Your Guide to the Best Islands in the Stockholm Archipelago

Gallno, Sweden
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With endless dining options and plenty of things to do, it can be easy to pass the entirety of your Stockholm vacation exploring the city, eating, and drinking.

And while noshing your way across a foodie-friendly city may be all you’re looking for, you’d be bypassing a huge part of the Swedish culture if you skipped the opportunity to get out on the water. If the endless smoked salmon and boats cruising past Gamla Stan (the Old Town) didn’t already give it away, the city of Stockholm relies heavily on it’s watery surroundings. And a visit to the neighboring archipelago will take you to another world — one that feels nothing like the capital city.

After you’ve explored Stockholm’s vibrant neighborhoods and had your fill of kardemummabullar (try these cardamom buns at Mr Cake or Ett Bageri), it may be time to get a feel for Swedish island life.

Luckily, visiting the archipelago — an estimated 30,000 islands and islets that buffer the city from the Baltic Sea — is as easy as hopping aboard a ferry or water taxi. During the summer and fall months, you can travel by ferry with Waxholmsbolaget or Stromma, and over the off-season, you can book your journey with a water taxi or guided tour.


Fjaderholmarna, Sweden
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There’s really no excuse not to visit Fjäderholmarna. This crazy-cute little island is a short 30-minute boat ride from the center of Stockholm. Once you’re on land, you can walk the perimeter of the island (it takes less than 30 minutes), settle in for a cozy meal overlooking the water, or grab picnic provisions and sit on the rocks overlooking the sea.


Startso, Sweden
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A trip to this island will take you to the middle of Sweden’s impressive archipelago. While a trip can take between 1 ½ to 2 ½ hours, the otherworldly locale is well worth the trip. Often called the “greenest island,” it’s the perfect place to rent a bike and swing by an inner-island lake for a dip.

In the fall and winter months, enjoy a hot chocolate fueled stroll, or visit over the holidays to experience the island’s touted Christmas Table.


Gallno, Sweden
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If you're on a mission to see a real archipelago island without swarms of tourists, this is the island for you. On Gällnö, you won’t find any kitschy souvenir shops, and there are more cows than people.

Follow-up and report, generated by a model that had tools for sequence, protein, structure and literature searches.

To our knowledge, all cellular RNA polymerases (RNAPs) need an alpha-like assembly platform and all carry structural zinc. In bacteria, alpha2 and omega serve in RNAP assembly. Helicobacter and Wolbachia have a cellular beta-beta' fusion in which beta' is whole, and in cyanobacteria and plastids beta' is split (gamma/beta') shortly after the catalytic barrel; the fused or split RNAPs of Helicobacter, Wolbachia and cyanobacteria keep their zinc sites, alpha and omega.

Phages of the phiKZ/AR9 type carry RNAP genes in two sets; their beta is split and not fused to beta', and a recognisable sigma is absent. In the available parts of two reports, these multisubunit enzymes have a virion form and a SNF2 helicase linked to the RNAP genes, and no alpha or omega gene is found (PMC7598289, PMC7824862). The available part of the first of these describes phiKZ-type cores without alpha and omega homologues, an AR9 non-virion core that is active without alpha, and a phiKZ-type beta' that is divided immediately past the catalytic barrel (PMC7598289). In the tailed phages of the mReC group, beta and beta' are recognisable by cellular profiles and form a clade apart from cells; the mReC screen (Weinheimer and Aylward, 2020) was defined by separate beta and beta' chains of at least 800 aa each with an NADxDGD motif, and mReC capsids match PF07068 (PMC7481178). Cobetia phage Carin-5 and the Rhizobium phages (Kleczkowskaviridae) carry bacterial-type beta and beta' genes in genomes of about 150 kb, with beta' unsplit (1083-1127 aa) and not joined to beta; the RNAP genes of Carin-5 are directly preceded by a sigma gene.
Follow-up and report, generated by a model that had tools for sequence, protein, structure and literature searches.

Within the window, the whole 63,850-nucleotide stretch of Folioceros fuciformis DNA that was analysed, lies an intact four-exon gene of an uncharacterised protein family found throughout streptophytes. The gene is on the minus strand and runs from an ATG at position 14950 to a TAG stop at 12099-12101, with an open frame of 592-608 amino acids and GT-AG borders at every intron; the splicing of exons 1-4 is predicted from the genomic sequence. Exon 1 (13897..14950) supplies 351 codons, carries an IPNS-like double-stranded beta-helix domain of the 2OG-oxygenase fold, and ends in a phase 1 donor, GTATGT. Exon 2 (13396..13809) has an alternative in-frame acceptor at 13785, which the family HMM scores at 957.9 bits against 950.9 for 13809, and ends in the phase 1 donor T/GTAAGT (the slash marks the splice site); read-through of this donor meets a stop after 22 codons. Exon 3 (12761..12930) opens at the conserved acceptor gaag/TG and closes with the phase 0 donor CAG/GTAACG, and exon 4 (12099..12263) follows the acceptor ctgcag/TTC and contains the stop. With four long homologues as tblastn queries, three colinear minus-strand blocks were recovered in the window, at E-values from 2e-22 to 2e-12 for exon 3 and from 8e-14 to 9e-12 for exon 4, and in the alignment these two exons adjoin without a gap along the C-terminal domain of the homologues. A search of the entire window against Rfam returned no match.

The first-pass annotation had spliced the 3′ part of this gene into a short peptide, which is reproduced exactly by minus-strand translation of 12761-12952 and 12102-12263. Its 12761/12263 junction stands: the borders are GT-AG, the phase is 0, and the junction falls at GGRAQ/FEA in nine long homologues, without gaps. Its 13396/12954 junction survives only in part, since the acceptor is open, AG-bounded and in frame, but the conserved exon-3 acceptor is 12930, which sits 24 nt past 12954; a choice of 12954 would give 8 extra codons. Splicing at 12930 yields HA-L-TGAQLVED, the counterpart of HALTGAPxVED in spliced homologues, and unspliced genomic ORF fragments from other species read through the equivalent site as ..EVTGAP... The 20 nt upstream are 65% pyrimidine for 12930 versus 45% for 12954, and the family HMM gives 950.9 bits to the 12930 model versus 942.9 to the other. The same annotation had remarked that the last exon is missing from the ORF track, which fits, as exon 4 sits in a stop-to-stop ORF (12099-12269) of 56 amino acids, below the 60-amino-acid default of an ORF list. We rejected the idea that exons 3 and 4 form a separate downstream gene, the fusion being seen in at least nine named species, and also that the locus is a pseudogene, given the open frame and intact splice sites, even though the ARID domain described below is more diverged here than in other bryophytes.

More of a summer destination, the easiest way to access this island is by the 1 ½ hour ferry from Stockholm.


Sandhamn, Sweden
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A ferry to Sandhamn drops you right on the edge of the archipelago and the open Baltic Sea. In addition to buildings that date back to the 17th century, the island features stunning rocky shores and white sandy beaches. The island has several restaurants, bars, and shops that will keep you busy during your day (or overnight) trip — or, you can escape the buzz of everyday life and take one of the walking paths along the island’s beaches.

The year-round destination is best visited by ferry (with service April to November) or taxi boat, and the journey takes just over two hours.


Vaxholm, Sweden
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This is one of the archipelago’s most visited islands, and that’s not just because it’s a short 50 minute ferry ride from Stockholm. The island of Vaxholm is rich in Swedish history and has long been a junction for archipelago traffic.

A visit to the island won’t be complete without a stop at the Citadel and the Vaxholm Fortress Museum — where you can learn about the island's history defending the archipelago. Before you leave, don’t forget to try the famous Vaxholm herring.


Grinda, Sweden
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Some minor research will confirm that Grinda is easily one of the cutest islands in the archipelago. In the summer months, the water is the main attraction, with plenty of swimming spots and opportunities for boating and kayaking. The island sits east of Vaxholm towards the Baltic Sea and is just under a 1 ½ hour ferry ride from Stockholm.


Finnhamn, Sweden
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This northern archipelago island is both accessible and beautiful. A ferry here takes over two hours, but once you arrive, you’ll find yourself in another world. In Finnhamn, there’s the usual archipelago pastimes — lying in the sun, swimming, and eating ice cream. For overnight guests, there’s a house from the early 20th century that’s been turned into an iconic youth hostel, and there's a village of quaint cottages from the 1950s.

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